Finally I am in the same city at the same time as Toruk, Cirque Du Soleil’s take on James Cameron’s Avatar. I wanted to see it since I first stumbled upon a call for puppeteers in the newsletter of the Jim Henson Association years ago. Now I am in Bologna, a lively city on a weekend of university graduations – and lots of rain (which naturally takes me back to the rainy weekend in Florence in March). I have however braved a guided tour through the old town, learnt about the city’s three T’s (no comment) and much more.
I do not have a ticket for the late afternoon performance of Toruk – whenever I tried booking it online in advance the web sites would switch to Italian and I got stuck. Failing to find a train or tram to the event location I opt for a taxi (ca. 30 Euro from the city centre); the driver apologizes as it took so long and recommends a bus home. I will indeed make use of this later.
The UnipolArena is in a big industrial estate outside Bologna (name area), between furniture houses and mega supermarkets. Fitting up to 13,000 visitors the venue is dedicated to the unexpected local’s favourite sport, basketball. There is no big queue at the box office half an hour before show starts and with a glance on my ticket I realise I have not been charged the ticket fee of 7,50 Euro – on the day I learned the term “theatrehack”.
I struggle to find my seat as the whole foyer area is desolate of signs or direction, it smells of sweet popcorn but staff help navigating. The seats are tiny, the rows tight and it is incredibly busy.
Toruk thanks its international sponsors while fireflies are swirling on the decked arena floor and this evening will be indeed a celebration of bioluminescence. The blue tribe members are preparing for an initiation, the first flight. They are superhumanly agile, with the elegance of wild cats and only after a while I suspect that trampolines have been embedded on the ground. In old Cirque Du Soleil fashion we have two narrators and it does not matter that this part is in Italian – they tell of the trees, of the earth, sun and moon and even I get the jist with my limited vocabulary. We experience an earthquake, eruption, and follow via star constellations a river all the way back to the sea. The most wondrous creatures appear in the arena but they are never aliens, always resembling something we might have seen if only in a National Geographic magazine – a constant tone of familiarity and maybe this is what makes me wonder now. This is a celebration of nature with its interpretations of alternative evolution in a jungle, a firework for the flora kingdom. When a dragon flies in made of artificially arranged kites I want to hold it and I want to ride on the giant turtle. All of this is so beautiful, so different and so familiar at the same time.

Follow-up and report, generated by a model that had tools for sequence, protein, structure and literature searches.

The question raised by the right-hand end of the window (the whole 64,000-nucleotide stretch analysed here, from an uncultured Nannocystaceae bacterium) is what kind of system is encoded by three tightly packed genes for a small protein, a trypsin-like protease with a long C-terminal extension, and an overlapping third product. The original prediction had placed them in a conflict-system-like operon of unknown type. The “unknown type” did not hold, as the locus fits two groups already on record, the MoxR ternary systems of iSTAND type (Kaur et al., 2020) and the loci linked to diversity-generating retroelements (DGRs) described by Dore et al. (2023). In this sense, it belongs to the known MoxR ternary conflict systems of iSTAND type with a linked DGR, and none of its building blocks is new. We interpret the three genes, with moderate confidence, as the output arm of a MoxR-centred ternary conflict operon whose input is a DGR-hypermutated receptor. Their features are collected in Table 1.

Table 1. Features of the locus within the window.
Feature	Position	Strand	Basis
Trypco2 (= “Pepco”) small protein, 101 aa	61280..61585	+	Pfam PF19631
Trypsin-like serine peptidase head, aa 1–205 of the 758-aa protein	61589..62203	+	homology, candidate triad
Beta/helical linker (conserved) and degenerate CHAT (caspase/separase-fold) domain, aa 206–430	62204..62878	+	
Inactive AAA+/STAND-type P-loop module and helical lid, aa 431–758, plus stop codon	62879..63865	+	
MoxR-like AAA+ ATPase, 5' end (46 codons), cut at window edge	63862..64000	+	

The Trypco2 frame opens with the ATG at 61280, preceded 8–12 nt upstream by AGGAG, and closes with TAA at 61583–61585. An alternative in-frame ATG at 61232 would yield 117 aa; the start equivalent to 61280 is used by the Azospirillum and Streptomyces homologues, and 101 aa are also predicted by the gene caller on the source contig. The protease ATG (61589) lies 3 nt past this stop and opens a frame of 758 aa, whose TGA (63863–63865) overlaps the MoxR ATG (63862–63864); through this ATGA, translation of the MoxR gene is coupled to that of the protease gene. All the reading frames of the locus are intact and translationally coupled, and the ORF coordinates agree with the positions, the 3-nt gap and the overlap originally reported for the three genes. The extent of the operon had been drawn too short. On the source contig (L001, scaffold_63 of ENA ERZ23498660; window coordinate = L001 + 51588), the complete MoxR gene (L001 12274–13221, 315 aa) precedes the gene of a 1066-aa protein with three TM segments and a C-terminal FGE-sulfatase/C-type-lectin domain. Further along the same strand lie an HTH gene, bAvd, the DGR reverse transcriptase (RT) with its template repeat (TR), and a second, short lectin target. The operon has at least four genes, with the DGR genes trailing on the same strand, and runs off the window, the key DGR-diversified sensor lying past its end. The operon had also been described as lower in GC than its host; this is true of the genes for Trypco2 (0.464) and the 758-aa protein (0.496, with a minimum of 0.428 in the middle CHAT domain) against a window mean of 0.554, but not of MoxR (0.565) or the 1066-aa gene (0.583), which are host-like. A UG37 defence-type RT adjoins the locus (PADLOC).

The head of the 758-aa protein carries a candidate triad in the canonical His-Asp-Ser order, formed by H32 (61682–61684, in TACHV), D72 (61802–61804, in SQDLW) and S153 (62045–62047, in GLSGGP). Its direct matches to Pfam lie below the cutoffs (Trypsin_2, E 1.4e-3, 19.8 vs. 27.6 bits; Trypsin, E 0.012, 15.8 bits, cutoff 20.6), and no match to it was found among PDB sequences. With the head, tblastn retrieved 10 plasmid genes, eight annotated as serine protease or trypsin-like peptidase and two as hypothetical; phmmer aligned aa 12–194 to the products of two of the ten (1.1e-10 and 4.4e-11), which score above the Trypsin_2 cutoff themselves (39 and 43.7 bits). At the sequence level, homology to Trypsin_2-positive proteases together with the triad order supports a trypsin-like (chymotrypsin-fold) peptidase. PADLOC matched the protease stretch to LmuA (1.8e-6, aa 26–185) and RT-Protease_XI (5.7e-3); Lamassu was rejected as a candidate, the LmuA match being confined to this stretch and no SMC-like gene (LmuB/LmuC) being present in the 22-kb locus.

Toruk is very different from the Cirque show Zumanity I saw in April in Las Vegas, family-friendlier in any case. But this is still high-class entertainment and I make the conscious decision that even the screens of everyone’s phone in front of me do not spoil it – maybe it is Bologna’s own take of bioluminescence, a modern take in any case.
I have only watched the actual film Avatar once; I remember it was the first Blu Ray I watched, on a brand-new PlayStation 3. The crisp picture, the visual effects and the alternative evolution of nature made it a feast for the eyes and it was an exorbitant introduction to afro-futurism – but the sometimes naïve story of good versus evil bored me, especially when soldiers in tanks got involved. Luckily there is none of it here, this is a story dedicated solely to the blue, tailed tribe and I prefer Toruk far above the film. I might give it another chance though, after all a sequel is announced for next year. And I’ll look out for the Toruk tour stops in Manchester and London next year. Can Cirque Du Soleil’s steampunk take Kurios please come to Europe as well soon?
I paid 50 Euro for my ticket on the day at the venue. Toruk is continuing its tour through Europe and will come to Manchester and London in June 2019.